- implement recruitment activities for Armidale in line with the APVMA recruitment strategy
- oversee construction of the permanent APVMA premises in Armidale
- implement the APVMA digital strategy
- put in place documented processes and practices for improved knowledge management
- establish and maintain a learning culture.
Modernise our ICT:
- manage procurement of ICT products and services that progress priority elements of the APVMA digital strategy through an Enabling Technology Program for
- infrastructure services
- unified communications and collaboration
- digitisation of analogue records
- ICT service management and support
- identify business requirements for the business application improvement project.
Ensure cost of operations are reflected in current fees, levies and charges:
- manage and monitor the APVMA financial sustainability plan in line with APVMA governance arrangements
- put in place arrangements to address the APVMA’s operating loss
- commence review of the Cost Recovery Implementation Statement (CRIS).
3.3. Performance against corporate performance measures
|Maintenance of average staffing levels within 5% of the budgeted target for each financial year||Operational Plan 2018–19||
The budgeted average staffing level was 195.
Our peak staffing level was 210 at June 2019 with a minimum staffing level of 175 at July 2018.
|Yearly growth of the Armidale staffing and gradual reduction in Canberra full time equivalent (FTE); Armidale staffing target of 70 FTE||Operational Plan 2018–19||At 1 July 2018 there were 33.6 FTE located in Armidale, and 175.5 FTE located in Canberra. As at 30 June 2019, there were 105 staff located in Armidale, and 108 staff located in Canberra.|
|Maintenance of critical knowledge products||Operational Plan 2018–19||
All instructional material within the APVMA was identified and reviewed for currency. Documents were reviewed, updated, or flagged for future updating or archiving from our knowledge base and Instructional Material Library (IML).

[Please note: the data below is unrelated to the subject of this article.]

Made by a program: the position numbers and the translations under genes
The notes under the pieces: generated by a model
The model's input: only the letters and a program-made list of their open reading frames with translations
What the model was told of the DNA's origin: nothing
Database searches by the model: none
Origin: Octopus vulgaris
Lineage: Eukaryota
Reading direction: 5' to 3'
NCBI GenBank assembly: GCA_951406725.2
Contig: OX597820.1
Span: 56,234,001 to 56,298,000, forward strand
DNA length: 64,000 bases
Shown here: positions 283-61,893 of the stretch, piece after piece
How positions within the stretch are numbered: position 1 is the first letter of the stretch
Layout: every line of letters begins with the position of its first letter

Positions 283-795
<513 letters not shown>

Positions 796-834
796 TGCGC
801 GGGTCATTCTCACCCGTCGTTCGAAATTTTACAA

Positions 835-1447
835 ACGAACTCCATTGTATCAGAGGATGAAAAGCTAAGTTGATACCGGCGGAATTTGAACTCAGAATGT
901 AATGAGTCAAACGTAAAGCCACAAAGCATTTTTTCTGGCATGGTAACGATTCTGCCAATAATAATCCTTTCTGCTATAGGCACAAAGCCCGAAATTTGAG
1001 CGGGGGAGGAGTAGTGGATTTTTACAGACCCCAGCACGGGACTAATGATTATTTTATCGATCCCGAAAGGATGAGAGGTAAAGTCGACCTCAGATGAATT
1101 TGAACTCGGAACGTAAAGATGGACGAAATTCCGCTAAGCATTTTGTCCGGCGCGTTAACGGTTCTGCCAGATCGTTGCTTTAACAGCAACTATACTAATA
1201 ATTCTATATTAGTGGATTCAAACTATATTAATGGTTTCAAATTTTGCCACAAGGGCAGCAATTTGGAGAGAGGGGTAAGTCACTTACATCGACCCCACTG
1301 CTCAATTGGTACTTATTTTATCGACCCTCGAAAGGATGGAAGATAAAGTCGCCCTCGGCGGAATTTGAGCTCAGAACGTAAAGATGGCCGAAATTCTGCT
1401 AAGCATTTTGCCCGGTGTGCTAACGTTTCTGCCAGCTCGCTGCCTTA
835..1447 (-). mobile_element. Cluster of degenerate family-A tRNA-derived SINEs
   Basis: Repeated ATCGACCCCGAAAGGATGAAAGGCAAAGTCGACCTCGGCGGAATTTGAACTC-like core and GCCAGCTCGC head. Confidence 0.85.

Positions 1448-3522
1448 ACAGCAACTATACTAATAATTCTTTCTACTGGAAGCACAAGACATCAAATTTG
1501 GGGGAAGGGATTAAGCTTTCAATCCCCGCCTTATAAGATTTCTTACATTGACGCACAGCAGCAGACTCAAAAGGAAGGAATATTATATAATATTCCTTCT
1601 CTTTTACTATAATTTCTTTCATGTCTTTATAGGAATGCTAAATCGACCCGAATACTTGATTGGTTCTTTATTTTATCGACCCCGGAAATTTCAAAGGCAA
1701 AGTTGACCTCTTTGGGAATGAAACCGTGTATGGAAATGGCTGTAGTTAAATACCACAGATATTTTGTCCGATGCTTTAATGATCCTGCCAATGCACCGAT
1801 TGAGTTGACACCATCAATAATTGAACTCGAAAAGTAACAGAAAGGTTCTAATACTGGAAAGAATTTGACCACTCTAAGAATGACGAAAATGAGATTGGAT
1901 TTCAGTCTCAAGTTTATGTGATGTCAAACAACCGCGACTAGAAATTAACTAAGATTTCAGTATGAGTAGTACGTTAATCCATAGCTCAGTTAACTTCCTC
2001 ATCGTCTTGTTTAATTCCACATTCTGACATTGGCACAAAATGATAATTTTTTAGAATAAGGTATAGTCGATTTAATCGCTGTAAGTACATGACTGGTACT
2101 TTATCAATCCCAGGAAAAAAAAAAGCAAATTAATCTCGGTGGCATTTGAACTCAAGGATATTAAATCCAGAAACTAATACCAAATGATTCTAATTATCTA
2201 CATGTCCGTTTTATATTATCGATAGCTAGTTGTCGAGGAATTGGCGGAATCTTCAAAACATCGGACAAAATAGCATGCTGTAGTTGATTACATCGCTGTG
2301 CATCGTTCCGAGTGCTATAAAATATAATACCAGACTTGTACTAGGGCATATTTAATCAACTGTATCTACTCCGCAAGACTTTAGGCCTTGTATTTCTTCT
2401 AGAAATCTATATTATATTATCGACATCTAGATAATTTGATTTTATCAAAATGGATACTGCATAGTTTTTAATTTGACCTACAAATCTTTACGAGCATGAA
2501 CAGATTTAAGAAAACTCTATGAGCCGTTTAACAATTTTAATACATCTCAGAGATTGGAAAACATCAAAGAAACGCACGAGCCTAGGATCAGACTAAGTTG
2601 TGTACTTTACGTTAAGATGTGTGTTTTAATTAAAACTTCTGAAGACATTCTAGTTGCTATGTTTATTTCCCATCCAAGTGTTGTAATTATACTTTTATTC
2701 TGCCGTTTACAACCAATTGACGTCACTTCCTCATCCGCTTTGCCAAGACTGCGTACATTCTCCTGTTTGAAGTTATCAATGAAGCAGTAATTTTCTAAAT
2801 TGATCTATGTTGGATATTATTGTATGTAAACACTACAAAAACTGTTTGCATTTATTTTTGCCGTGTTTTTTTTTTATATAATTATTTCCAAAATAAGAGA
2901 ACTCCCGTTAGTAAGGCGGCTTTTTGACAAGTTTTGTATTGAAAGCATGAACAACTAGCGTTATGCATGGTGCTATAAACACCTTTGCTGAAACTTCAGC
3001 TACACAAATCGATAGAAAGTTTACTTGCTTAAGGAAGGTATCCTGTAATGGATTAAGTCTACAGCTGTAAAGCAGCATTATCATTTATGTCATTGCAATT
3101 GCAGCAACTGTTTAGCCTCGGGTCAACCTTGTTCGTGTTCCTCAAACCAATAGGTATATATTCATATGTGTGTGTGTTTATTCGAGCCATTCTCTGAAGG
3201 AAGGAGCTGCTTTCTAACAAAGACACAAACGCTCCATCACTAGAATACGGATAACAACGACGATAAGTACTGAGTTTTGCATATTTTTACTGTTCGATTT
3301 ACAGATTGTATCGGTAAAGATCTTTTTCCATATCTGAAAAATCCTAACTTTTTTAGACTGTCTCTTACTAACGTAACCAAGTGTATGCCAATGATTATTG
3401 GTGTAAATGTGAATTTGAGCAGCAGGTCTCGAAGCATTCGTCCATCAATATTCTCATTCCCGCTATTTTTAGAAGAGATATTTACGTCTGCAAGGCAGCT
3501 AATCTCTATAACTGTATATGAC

Our knowledge management tools, including the IML and knowledge base, were redesigned to better support staff and a knowledge maintenance plan was developed to ensure the effective ongoing management of critical knowledge products.
|Priority recruitment of positions mapped to the Armidale business model||Operational Plan 2018–19||
During 2018–19 there were 48 priority recruitment activities undertaken across Armidale and Canberra. 86 individuals were recruited across the organisation from 1 July 2018 to 30 June 2019.
|Construction of Armidale premises completed on time and within budget||Operational Plan 2018–19||
Our Armidale premises were completed and a Certificate of Occupation was issued.
Business-as-usual operations commenced in the new office in June 2019, ahead of schedule and within budget.
Delivery of products and services under the Enabling Technology Program and achievement of digital strategy objectives within allocated budget:
|Operational Plan 2018–19||
Stage 1 of our move to managed services and cloud-based infrastructure is complete. ICT service desk functions were transferred to DXC Technology on 19 March 2019 and end-user services are in place; the design for cloud migration is complete and migration is in progress with completion scheduled for end November 2019.
|Responsible financial management of APVMA operations, including maintenance of positive equity balance until the implementation of a renewed cost recovery fee structure can assist to return reserves to $7.0 million for future operation||Operational Plan 2018–19||In April 2019, the APVMA introduced a new financial management system, Technology One. This replaced our ageing financial management system and supports the future management of the APVMA by bringing our systems in line with the Department of Agriculture.|